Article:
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Clare Hammond: Ghosts and Whispers

A still from a stop-motion animation by the Quay Brothers. The image is dark, except for a grey puff of smoke on the left hand side of the image

Are you sitting uneasily? Then we’ll begin…

Ghosts and Whispers plunges you into a spooky and unsettling world of unfinished snippets of film and music, inviting you to ponder last thoughts, unfulfilled potential and the transience of life.

For this is no ordinary concert programme. The music selected by pianist Clare Hammond and composer John Woolrich flows between Schubert and Mozart, Wagner and Janáček, Jacquet de La Guerre and Schumann – some pieces lasting just a few moments, others several minutes, but all of them incomplete. The unsettling feeling this creates is intensified by being engulfed in darkness, and having, on the big screen in front of you, works by stop-motion masters the Quay Brothers.

‘Even though many of the pieces are buoyant or quite bright in mood, the fact that they’re fragments means there’s always this sense of potential that was never fulfilled in them,’ Hammond says.

The unfinished works are drawn from a variety of sources and interspersed with elements from Woolrich’s Pianobooks – collections of intimate, small-scale works that, despite their brevity, conjure emotional pictures in miniature.

‘Mozart was well known for keeping sketchbooks of ideas that he would return to and flesh out when a new commission came in,’ says Hammond, explaining how she and Woolrich chose the music. ‘So we’ve included some of those ideas. There are also two pieces by Janáček, such as one written on the back of his will while he was on his deathbed, addressed to his muse, called I’m Waiting For You! The other piece of his we’ve included is called Only Blind Faith, which deals with the idea that humans strive for purpose and fulfilment, love and connection. But we can only do this by maintaining a blind faith because reality can be much harsher than we can handle.’

There’s also a fragment from Stravinsky’s Symphonies of Wind Instruments, in memory of Claude Debussy, and the first, discontinued version of the opening movement of Mozart’s D major Sonata, K284.

When the Quay Brothers’ animation, with its spooky-looking mannequins and china dolls, is added into the mix, the sense of disorientation is enhanced. Their inimitable style, with its blurring of mixed live-action and stop-motion animation, drips with surrealism, the hints of dusty attic nightmares and ancient folklore underlining that sense of unease.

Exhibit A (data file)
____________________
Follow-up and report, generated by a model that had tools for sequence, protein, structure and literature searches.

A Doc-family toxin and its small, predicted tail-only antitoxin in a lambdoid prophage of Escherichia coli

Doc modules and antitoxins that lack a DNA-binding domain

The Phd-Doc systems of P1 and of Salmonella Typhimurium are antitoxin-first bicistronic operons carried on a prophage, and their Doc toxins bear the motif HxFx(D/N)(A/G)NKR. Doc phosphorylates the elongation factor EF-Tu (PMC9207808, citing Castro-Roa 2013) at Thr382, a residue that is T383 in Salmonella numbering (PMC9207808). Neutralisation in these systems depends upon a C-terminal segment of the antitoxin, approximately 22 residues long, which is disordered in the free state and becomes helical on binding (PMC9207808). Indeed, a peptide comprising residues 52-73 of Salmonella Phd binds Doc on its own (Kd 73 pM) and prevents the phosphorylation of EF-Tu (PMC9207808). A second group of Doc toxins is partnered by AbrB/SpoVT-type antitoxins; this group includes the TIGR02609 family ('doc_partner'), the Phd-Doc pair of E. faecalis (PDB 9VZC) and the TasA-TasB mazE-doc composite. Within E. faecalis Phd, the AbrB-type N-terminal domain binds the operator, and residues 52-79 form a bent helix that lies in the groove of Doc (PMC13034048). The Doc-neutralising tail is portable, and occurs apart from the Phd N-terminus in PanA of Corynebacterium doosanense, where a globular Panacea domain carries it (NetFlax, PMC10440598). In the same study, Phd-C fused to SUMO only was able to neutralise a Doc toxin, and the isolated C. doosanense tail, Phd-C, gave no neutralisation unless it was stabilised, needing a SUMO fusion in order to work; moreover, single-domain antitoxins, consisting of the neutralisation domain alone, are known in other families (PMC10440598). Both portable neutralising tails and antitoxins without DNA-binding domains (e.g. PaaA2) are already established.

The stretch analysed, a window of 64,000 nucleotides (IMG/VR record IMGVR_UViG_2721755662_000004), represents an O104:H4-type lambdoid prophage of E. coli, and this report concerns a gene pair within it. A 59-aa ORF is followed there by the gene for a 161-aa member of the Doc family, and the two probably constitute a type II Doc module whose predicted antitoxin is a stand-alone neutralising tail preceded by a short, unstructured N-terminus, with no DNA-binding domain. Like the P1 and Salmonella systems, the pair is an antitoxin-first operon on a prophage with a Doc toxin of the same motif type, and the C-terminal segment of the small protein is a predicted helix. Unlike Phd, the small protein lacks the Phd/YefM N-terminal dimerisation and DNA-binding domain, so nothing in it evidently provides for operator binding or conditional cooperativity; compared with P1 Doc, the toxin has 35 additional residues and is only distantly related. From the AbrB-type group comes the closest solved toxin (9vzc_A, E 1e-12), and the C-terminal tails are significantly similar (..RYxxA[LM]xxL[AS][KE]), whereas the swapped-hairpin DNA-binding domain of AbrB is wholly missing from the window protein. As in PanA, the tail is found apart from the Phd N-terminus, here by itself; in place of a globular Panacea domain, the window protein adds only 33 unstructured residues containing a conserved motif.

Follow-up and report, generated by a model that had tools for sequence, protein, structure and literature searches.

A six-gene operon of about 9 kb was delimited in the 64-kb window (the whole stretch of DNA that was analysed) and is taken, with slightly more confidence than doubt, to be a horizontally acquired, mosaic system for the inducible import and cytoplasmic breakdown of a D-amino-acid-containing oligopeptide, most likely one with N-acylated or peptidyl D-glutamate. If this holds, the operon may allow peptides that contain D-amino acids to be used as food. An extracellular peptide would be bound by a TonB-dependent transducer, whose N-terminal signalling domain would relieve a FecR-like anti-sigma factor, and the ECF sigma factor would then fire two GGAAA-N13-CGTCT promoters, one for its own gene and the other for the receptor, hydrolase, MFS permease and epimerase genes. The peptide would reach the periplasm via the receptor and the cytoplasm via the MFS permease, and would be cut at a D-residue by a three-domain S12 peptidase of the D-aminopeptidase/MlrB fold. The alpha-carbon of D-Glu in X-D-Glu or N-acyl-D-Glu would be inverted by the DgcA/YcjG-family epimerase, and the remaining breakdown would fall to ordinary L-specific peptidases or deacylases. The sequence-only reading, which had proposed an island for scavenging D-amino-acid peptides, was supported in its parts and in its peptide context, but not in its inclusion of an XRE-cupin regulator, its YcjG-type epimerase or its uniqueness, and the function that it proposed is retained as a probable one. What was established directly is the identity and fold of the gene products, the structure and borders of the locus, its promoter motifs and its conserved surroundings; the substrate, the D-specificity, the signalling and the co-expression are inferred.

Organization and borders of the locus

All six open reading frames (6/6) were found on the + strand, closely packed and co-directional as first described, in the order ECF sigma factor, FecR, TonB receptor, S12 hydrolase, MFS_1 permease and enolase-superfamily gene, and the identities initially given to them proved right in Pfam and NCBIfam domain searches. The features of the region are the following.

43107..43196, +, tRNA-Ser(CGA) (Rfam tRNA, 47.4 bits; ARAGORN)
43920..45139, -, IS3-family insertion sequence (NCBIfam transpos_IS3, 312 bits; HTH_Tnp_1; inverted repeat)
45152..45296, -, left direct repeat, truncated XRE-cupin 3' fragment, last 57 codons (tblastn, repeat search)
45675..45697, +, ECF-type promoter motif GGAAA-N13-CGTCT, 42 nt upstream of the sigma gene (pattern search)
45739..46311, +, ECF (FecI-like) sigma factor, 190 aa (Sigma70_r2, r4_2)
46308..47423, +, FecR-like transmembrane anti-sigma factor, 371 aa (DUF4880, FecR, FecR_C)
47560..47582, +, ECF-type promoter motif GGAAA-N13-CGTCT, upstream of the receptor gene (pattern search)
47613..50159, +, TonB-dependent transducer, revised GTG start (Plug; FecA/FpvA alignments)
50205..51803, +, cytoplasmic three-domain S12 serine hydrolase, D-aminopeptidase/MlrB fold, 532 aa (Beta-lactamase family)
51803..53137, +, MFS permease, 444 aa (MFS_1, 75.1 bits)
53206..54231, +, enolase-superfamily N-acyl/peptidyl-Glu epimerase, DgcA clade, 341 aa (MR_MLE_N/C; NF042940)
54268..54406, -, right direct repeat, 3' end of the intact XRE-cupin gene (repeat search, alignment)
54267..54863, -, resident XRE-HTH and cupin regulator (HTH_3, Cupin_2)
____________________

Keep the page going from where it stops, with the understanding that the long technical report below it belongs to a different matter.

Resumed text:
The identical twins explain that the music selected for this immersive experience was fundamental to their selection of film clips. ‘We have never begun a project without already having the music in advance, so in that respect, Clare provided a perfect musical scenario in which she very explicitly hinted at darkness, erasure and death in an hour-long evening of piano music which runs the gamut from the Baroque to the contemporary. 

‘In truth, this was where we suddenly felt compelled to test the waters in terms of what images could find themselves complicit with. We say that only because most of these pieces of music have never previously had an image assigned to them. That was very important, as was the question of what was an acceptable image for Mozart versus what would work for Woolrich, and whether they could actually be the very same image. 

‘Nevertheless, we felt compelled to experiment with what these so-called boundaries might be and to challenge their limits without any sense of impudence. The music invariably made this decision for us, but it is also an entirely subjective one.’

The filmmakers say their first impulse was to dive deep into the waters of abstract cinema, then swim to the surface for a narrative approach and create an amalgam between the two. ‘But it was Clare who established the choice and order of the music, including the deliberate interleaving of John Woolrich’s Pianobooks which were very intense insofar as they permitted us to discover images that seemed coded by a very secret narrative. We wanted all these individual fragments to elaborate themselves into one single disguise that was as concise as it was veiled between what courted narrative and then could slip into abstraction without ever once being dismissive of the music.’

The Quay Brothers, whose work is predominantly in short films, have been a mainstay of British animation for more than 40 years and their singular style has often been imitated. They found the experience of working with Hammond a ‘complete revelation’.

‘Heretofore, we had never conceived of images for a programme of solo piano, believing that the images would be revealed as far too naked. In fact, the previous two times that we have been invited to the Barbican were for films to the music of Stockhausen and Penderecki – but with Clare, the volume and size of the music has been drastically reduced, and suddenly the silences take on a majesty of their own; even in these silences another sound can be heard.’

The intensity of the spooky experience is apt as this performance falls the day before Hallowe’en. As Hammond says, the immersive feeling taps into the spirit of the true nature of the festival, before it became ultra-commercialised, with the inherent tackiness that can bring. ‘I can imagine that if you were in a culture where [ghosts] felt more real, this kind of programme would really capture something of that spirit. In some ways, it’s more authentic to the spirit of Halloween than much of what we do now.’

© James Drury


Clare Hammond piano

Quay Brothers filmmakers

Artist biographies